Welcome to part two of my blog tour for Marcus Vega Doesn’t Speak Spanish. Please make sure you check yesterday’s post for info about the book, author, and my review.
Today I’m sharing a guest post by author Pablo Cartaya. I asked if he could share his favorite things about Puerto Rico and this is what I got back. Thank you Pablo!
Hi! My name is Pablo Cartaya and I’m the author of The Epic Fail of Arturo Zamora and most recently Marcus Vega Doesn’t Speak Spanish, a book set mostly in the Isle of Enchantment, the beautiful Puerto Rico. Puerto Rico, for those of you who don’t know, is a territory of the United States. The people who live their have a U.S. passport, they serve in the U.S. military, and use the dollar as the currency. Unfortunately, Puerto Ricans living on the island can’t vote for the president of the United States but that’s another story.
I wrote Marcus Vega Doesn’t Speak Spanish to answer the question of identity and how a young teen finds a part of who he is by visiting the island of his father’s birth. It’s a story about discovering the beauty within yourself and the language that lives inside. Plus, it’s a pretty cool travel story to one of my favorite places in the world: Puerto Rico. So come with me while I take you to some of my favorite spots in La Isla del Encanto. These are places off the beaten path, but if you’re into good food, amazing views, and down with meeting some pretty awesome people, then this unofficial tour guide is for you. Ready? ¡Vamos a Puerto Rico!
La Ruta del Lechón, aka “Pork Highway.” Every Saturday and Sunday the main road through Guavate, Puerto Rico’s interior mountain region, transforms from sleepy little town to party central. Guavate is the home of Lechonera, food stalls and restaurants that feature roasted pork. If you don’t eat pork or don’t eat meat then pack a snack and experience it anyway. There’s lots of music and Coco Frio, a traditional coconut drink to enjoy.
Since you’re in the neighborhood and you need to walk off that delicious pork let’s head over to the next stop:
El Charco Azul
Put Charco Azul in your GPS and follow the mountain road until you see a sign on the foot of a hill that says, “El Charco Azul.” Park across the street and walk towards the trails for about a mile or two. You’ll hike through some wooded areas and end up in a beautiful, fresh water, natural swimming pool. Officially it’s located in the southeast mountain region of Puerto Rico and is well worth the trip. Locals gather here on weekends to dip in the water and cook out. Bring your bathing suit and go for a swim! Then strike up a conversation with someone. You won’t be disappointed.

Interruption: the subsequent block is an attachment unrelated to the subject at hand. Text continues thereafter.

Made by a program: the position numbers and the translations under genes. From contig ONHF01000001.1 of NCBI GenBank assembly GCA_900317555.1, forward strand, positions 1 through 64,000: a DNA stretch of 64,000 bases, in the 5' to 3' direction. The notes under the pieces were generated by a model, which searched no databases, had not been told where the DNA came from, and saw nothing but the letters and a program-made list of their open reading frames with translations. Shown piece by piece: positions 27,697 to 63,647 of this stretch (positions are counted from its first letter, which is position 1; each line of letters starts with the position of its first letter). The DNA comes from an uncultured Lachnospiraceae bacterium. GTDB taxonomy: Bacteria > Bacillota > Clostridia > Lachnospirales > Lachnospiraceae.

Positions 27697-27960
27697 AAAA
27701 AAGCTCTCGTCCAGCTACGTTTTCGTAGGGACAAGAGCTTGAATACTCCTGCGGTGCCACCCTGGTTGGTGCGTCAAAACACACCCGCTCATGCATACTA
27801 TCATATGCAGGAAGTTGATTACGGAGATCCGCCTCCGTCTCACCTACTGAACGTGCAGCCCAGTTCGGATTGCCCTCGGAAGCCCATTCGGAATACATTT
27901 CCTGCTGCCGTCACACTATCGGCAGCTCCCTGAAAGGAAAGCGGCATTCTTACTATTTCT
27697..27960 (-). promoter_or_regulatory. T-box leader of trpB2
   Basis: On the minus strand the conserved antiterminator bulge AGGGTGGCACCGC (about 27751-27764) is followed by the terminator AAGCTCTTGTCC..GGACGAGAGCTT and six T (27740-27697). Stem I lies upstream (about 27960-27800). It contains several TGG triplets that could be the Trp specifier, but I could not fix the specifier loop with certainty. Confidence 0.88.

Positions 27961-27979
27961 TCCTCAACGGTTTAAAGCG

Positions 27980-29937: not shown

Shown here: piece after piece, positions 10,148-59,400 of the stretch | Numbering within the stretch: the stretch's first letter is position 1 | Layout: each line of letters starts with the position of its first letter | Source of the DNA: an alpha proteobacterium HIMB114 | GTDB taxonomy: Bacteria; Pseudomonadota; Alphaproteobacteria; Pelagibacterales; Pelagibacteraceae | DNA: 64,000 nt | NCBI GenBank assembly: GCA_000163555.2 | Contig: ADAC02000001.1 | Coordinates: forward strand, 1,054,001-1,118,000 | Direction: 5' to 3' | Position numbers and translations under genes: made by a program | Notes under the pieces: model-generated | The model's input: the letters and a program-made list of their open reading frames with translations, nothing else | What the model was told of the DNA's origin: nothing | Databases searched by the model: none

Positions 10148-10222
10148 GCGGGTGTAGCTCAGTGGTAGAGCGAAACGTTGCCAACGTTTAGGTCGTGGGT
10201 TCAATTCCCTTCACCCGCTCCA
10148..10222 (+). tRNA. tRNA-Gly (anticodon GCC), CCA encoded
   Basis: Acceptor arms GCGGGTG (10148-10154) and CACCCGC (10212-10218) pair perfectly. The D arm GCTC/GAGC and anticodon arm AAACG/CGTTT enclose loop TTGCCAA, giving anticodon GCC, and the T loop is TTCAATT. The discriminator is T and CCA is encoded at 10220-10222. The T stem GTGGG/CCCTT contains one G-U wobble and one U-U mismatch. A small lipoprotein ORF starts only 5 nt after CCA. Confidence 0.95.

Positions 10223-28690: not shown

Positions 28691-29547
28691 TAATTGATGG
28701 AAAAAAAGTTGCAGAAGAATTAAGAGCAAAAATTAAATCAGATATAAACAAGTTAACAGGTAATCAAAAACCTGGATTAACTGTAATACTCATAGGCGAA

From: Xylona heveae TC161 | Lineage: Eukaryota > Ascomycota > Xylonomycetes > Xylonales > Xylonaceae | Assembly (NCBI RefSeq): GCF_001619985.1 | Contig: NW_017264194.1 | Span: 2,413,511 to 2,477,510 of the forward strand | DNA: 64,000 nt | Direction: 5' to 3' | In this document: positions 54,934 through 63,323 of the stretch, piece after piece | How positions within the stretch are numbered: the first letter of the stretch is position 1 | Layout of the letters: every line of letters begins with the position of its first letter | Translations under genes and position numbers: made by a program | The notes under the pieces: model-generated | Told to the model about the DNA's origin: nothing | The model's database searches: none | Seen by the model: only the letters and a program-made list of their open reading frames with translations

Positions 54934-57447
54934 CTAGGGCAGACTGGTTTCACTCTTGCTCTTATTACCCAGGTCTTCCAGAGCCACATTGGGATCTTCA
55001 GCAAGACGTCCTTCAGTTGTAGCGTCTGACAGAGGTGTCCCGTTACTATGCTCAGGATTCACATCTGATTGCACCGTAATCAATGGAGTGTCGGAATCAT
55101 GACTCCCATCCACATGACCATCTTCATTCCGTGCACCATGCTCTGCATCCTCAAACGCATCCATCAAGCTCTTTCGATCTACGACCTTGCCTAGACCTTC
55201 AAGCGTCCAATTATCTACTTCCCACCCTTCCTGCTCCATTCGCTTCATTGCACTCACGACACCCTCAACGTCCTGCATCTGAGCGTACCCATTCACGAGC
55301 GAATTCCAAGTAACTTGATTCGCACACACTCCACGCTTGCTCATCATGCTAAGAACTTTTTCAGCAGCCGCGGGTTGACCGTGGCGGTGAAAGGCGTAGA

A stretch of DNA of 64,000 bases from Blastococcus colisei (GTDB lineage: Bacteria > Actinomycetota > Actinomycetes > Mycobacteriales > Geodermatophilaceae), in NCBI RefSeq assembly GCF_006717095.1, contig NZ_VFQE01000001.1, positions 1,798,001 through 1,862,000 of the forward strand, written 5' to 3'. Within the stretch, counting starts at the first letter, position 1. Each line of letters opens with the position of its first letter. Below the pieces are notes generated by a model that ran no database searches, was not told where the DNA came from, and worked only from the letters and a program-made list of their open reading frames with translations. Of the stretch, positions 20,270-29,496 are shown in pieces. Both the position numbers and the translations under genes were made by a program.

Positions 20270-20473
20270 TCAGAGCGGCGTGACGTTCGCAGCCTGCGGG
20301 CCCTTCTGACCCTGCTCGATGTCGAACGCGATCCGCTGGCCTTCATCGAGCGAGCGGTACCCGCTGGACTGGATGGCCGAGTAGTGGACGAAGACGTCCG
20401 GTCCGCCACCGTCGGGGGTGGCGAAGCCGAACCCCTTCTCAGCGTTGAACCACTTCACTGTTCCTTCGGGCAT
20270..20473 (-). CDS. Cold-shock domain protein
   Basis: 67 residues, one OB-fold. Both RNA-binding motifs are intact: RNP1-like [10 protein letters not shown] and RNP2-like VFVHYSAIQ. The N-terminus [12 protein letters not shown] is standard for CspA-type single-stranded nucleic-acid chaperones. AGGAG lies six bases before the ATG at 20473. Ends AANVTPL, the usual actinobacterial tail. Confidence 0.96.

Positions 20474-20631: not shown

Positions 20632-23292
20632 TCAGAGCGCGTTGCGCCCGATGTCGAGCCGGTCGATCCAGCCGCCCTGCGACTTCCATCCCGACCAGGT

Also close to El Charco Azul is Montaña Santa. Again, GPS should take you up to one of the higher mountain areas of Puerto Rico where an old church sits atop a mountain overlooking the countryside. You don’t have to be religious to enjoy the quaint church and nice view. Plus it will let you kill some time where you can start a late lunch at your next stop.
The Sand and the Sea
Arguably one of the most beautiful views on the island, this mountaintop restaurant located in Cayey is a trek to get to but well worth the journey. The family-owned business has a small hotel and the views of the ocean and the mountains are spectacular. Stay for their homemade piononos, a traditional Puerto Rican dish with arroz con gandules (rice and beans). ¡Qué rico!
After you’ve done your mountain foodie treks you can head over to Orocovis for some ridiculous zip lining across the mountains plus check out some of the farms in the region. Or, if you want to continue hiking, then I definitely recommend checking out El Yunque National Rainforest. The only such rainforest in the United States and an incredible experience to hike. On some trails you end up in a waterfall and you can dive into the icy water after a humid hike through the trees.
I also recommend visiting the island’s farmers markets. Visit Rico is a nonprofit recruiting volunteers to support farms through farm stays. It’s a great way to support farmers who have lost a lot of business because of the hurricane. If you’re in San Juan go check out Cooperativa Orgánica Madre Tierra in La Placita Roosevelt. And in the east coast, Luquillo has a nice market plus some pretty awesome chinchorros, which are little roadside kiosks that serve all kinds of food and drinks. As you can see, I like hiking and I like food. Don’t judge.
As you make your way through the island, a mandatory stop is Viejo San Juan aka Old San Juan. Old Spanish architecture makes it feel like you’re in an entirely different country. But remember, you’re not. You’re still in the United States! Wander around and check out the local shops. Buy locally and support the local economy.
I leave you with two things to experience:
Make sure you spend an evening in a quiet area where you can hear the song of the coquí echoing all around. The coquí is a legendary little frog that practically brings the whole island to life with its melodic cokee-cokee croak throughout the evenings. If you happen to be on a hammock near the water where the waves lap into the evening tide and the coquí serenades you, you might never leave.
Lastly, the best thing about Puerto Rico is the people. Talk to them. Let them tell you their stories. It is well worth your time.
Thanks for joining me on this tour. See you soon, en La Isla del Encanto.
Thank you so much Pablo! We are planning a trip to Puerto Rico next spring, so I’ll definitely be taking notes on all these things.